Lending

House Prices Rise in Second Quarter

Housing price index rose 0.9% from first quarter of 2010.

September 01, 2010
KEYWORDS house , prices
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U.S. house prices rose in the second quarter of 2010 according to the Federal Housing Finance Agency’s (FHFA) seasonally adjusted purchase-only house price index (HPI).

The HPI, calculated using home sales price information from Fannie Mae- and Freddie Mac-acquired mortgages, was 0.9% higher on a seasonally adjusted basis in the second quarter than in the first quarter of 2010. The unadjusted national increase was 2.6%. Over the past year, seasonally adjusted prices fell 1.6% from the second quarter of 2009 to the second quarter of 2010.

FHFA’s seasonally adjusted monthly index for June was down 0.3% from its May value, offsetting some of the price increases in the prior months. The monthly increase for the April-to-May period was revised downward to 0.4%, from an initial estimate of 0.5%.

While the national, purchase-only house price index fell 1.6% from the second quarter of 2009 to the second quarter of 2010, prices of other goods and services rose 3% over the same period. Accordingly, the inflation-adjusted price of homes fell approximately 4.4% over the latest year.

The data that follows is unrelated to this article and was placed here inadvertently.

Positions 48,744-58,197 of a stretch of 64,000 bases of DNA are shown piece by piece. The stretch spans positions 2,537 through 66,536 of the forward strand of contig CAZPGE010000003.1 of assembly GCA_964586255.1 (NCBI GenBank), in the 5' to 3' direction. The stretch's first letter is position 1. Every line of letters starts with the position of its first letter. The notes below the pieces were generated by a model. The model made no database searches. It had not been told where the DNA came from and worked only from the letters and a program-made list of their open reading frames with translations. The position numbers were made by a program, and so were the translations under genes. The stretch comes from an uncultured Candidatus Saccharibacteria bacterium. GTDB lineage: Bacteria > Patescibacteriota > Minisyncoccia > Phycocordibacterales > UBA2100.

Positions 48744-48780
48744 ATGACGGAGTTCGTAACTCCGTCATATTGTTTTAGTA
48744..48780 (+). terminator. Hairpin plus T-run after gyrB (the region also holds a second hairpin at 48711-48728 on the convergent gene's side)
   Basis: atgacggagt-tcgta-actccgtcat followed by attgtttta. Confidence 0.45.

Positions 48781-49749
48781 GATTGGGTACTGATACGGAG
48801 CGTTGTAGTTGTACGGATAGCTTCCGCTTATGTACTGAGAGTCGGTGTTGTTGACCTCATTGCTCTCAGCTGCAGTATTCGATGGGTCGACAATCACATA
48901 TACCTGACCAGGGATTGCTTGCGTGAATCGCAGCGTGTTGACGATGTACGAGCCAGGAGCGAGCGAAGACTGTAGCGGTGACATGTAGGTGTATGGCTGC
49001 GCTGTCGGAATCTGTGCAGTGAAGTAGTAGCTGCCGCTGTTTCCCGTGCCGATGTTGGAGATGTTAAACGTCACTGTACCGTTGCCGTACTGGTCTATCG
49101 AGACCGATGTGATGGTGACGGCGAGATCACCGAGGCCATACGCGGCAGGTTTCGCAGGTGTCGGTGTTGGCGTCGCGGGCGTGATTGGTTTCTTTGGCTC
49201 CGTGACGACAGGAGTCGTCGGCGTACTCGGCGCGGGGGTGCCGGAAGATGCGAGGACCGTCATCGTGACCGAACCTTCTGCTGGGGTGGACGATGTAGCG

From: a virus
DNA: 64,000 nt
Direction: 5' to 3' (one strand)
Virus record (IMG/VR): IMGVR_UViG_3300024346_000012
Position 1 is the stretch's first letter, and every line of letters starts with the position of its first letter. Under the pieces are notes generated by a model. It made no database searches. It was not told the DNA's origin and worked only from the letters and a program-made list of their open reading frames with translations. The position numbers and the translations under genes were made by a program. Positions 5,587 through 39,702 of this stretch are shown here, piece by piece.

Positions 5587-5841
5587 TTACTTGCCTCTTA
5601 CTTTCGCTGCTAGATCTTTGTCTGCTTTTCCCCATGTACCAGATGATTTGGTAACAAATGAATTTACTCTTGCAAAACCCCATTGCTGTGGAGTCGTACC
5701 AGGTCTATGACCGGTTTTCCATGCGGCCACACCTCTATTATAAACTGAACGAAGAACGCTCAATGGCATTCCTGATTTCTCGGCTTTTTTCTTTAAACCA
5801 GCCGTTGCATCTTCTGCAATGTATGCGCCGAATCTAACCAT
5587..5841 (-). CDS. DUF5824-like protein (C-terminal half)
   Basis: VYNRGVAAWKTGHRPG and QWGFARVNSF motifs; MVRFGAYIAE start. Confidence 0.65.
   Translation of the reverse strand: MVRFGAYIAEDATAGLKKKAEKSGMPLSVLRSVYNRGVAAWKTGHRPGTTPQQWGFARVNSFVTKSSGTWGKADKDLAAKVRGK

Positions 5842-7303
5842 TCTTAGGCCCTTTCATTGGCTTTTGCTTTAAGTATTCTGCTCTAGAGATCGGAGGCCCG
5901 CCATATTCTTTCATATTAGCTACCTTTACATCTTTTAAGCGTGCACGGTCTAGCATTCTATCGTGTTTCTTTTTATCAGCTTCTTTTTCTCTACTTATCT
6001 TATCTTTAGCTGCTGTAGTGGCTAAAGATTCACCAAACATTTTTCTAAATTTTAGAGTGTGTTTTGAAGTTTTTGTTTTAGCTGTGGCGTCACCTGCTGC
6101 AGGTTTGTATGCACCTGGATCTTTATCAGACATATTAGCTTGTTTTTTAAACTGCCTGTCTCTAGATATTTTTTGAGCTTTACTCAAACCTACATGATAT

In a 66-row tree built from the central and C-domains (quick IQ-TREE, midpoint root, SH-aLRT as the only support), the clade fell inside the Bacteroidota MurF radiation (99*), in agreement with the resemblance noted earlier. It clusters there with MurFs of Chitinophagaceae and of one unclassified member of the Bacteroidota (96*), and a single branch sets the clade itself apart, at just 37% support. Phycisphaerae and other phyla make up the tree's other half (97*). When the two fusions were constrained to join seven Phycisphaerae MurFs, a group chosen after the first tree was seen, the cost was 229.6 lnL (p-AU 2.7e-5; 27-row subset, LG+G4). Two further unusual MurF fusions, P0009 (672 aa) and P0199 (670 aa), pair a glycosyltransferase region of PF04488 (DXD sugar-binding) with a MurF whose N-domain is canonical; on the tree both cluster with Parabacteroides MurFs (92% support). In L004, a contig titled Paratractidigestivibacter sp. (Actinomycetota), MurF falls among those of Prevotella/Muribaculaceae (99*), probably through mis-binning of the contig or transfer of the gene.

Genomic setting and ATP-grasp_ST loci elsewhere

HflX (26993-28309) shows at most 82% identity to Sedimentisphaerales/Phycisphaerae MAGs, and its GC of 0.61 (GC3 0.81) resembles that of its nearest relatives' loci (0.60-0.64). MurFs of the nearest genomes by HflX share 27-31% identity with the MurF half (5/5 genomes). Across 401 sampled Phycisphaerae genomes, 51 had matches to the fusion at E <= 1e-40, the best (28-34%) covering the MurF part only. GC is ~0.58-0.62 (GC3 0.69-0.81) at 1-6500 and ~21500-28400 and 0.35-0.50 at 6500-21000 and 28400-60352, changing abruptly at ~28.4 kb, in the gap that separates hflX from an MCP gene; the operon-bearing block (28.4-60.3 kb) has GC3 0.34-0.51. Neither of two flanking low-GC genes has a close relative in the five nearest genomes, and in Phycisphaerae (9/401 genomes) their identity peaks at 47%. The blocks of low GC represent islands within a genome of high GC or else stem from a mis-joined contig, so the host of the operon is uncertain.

FHFA’s all-transactions house price index, which includes data from mortgages used for both home purchases and refinancings, fell over the latest quarter. The index declined 0.5% in the latest quarter and 4.9% over the four-quarter period.

Significant findings

Of the nine Census Divisions, the East North Central and New England Divisions experienced the most significant price movements in the latest quarter according to the seasonally adjusted, purchase-only index. While prices rose 1.6% in the East North Central Division, prices fell 0.7% in the New England Division.

Seasonally adjusted, purchase-only indexes indicate that prices rose in the latest quarter in 27 states. Prices rose over the latest four quarters in 10 states and Washington, D.C.

As measured with purchase-only indexes for the 25 most populated metropolitan areas in the U.S., four-quarter price declines were greatest in the Phoenix-Mesa-Glendale, Ariz., area. That area saw price declines of 5.5% between the second quarters of 2009 and 2010.

Prices held up best in the Oakland-Fremont-Hayward, Calif., area, where prices rose 9.9% over that period.

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